A new baseball season means a handful of food debuts at Target Field. Here’s a rundown.
Although Andrew Zimmern has dropped the sensational goat burger out of the rotation at his ballpark AZ Canteen stand (section 119), he makes up for the loss with a trio of gotta-try newcomers. Why fool around with a mere hot dog when a ridiculously outsized slab of pork belly ($10) awaits? (Seriously, on the portions front, it probably exceeds the Surgeon General’s monthly bacon-consumption guideline).
As it hits the grill, the celery juice-cured meat (from Lorentz Meats in Cannon Falls, Minn.) bastes in its own shimmering fat until it reaches a optimum crispy-chewy stature. The bun gets a swipe of boisterous jalapeño jelly, and the crowning touch is a vinegar-ey cabbage-carrot slaw, its bright acidity elbowing a dent in the pork’s richness. It is, in a word, phenomenal.
Another winner is the Canteen’s smoked beef sandwich ($12). Think tender, slightly pink brisket and shoulder (twin cuts, get it?) that’s cured for 10 days, smoked and then shaved thin and generously piled on a buttered, toasted bun. There’s more of that excellent coleslaw, and a sauce of garlic and mellow dried Hatch chiles sweetened with maple syrup. Really nice, as are the crispy, super-seasoned cottage fries.
The stand — overseen with a watchful eye by chef Asher Miller — is also serving up what’s easily Target Field’s most refreshing nonalcoholic beverage, a not-too-sweet lemonade ($5) splashed with cool juice from muddled cucumbers and brimming with freshly chopped mint (vodka is available for an additional $3), a concoction that will no doubt prove its thirst-quenching bonafides when temperatures start to soar.
The smoked barbecued beef sandwich ($12.50) at the Carvery (section 126) is no match for the AZ Canteen version. Still, the super-juicy (and super-fatty) meat has a pleasantly smoky aura. It’s sliced to order and stacked to near-absurd heights on what turns out to be an unfortunately forgettable bun.
Meanwhile, the State Fair Classics stand (section 133) continues its novelty noshes theme with a pair of Iron Range delicacies inspired by Valentini’s Supper Club in Chisholm, Minn. The first stuffs peppery shredded porketta into a pair of crispy and, yes, oversized egg rolls ($8), serving them with a decent marinara sauce. The second flattens a generously seasoned meatball, sears it to a deep char, slips it into a drab potato bun and tops it, pizza burger-style ($10), with pepperoni, provolone and that same marinara.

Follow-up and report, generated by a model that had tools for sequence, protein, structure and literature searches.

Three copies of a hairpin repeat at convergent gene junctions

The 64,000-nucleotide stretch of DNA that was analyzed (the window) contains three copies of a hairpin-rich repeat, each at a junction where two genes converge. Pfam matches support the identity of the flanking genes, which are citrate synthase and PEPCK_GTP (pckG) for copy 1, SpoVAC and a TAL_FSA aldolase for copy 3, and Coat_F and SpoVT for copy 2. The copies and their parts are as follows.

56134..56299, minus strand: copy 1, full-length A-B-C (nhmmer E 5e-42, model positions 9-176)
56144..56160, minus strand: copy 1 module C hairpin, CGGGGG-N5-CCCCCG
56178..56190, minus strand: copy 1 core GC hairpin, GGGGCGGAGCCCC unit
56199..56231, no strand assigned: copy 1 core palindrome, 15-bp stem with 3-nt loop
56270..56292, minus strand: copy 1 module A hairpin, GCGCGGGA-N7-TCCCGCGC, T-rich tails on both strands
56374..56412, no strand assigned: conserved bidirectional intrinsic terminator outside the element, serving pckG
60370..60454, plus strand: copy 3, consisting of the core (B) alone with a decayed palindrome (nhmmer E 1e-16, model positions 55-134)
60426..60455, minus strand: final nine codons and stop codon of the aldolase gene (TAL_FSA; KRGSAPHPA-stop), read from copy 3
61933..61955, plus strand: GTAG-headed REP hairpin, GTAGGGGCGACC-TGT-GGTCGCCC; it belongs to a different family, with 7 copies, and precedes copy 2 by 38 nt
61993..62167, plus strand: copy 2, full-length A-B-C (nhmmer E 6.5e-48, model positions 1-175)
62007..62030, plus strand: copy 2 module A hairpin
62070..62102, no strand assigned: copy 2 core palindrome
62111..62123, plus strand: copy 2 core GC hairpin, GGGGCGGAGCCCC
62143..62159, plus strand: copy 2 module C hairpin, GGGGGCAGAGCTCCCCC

It’s difficult to muster much enthusiasm for either (or for the $9 basket of so-so meatballs at the various Frankie V's stands), particularly when your nose gets a tickle of the tantalizing smoke that heralds the proximity of the Butcher & the Boar stand (section 140).
On Monday’s home opener, chef Peter Botcher — enveloped by that fragrant nimbus and the sounds of juices spattering against the grill’s hot coals — was painting hefty slabs of beef ribs ($12.50) with broad strokes from a wide, sauce-clogged brush. Talk about showmanship: Botcher totally upstaged the action down on the field, although the Twins’ 8-3 takedown by the Oakland A’s wasn’t much competition.
The meat, glazed in a sticky-sweet-spicy barbecue sauce and chopped into manageable pieces, barely hangs on the bone, and nearly each bite offers a bit of blackened crispiness chased by next-to mouth-melting tenderness. A few sweet pickle chips are tossed in to act as a kind of palate cleanser. A fork is provided, but this is definitely an eat-with-your-fingers delicacy. And a Target Field don’t-miss experience.
After several seasons of enduring dreadful ice cream, Target Field ticket holders will be thrilled to encounter a modest Izzy’s Ice Cream scoop stand (section 114), stocked with eight made-in-the-Twin Cities flavors of lusciously chilly goodness.
The good news is that co-owners Jeff Sommers and Lara Hammel are featuring their sublime salted caramel and divine (literally) “Church Elder Berry,” a rose-colored, five-berry (strawberry, raspberry, blueberry, blackberry and elderberry) treat, originally formulated for Methodist dining hall at the Minnesota State Fair.
The not-so-great news is the price. A single scoop — capped with the shop’s signature “Izzy scoop,” a second, more diminutive dollop — goes for $7, served in a cone or a cup. Then again, sticker shock has been an integral part of the beer-buying economics at the House of Joe Mauer from the get-go, so paying a premium for premium ice cream is a relatively easy justification.
Memo to the Twins executive suite: More vendors along the lines of AZ Canteen, Butcher & the Boar and Izzy’s, please.
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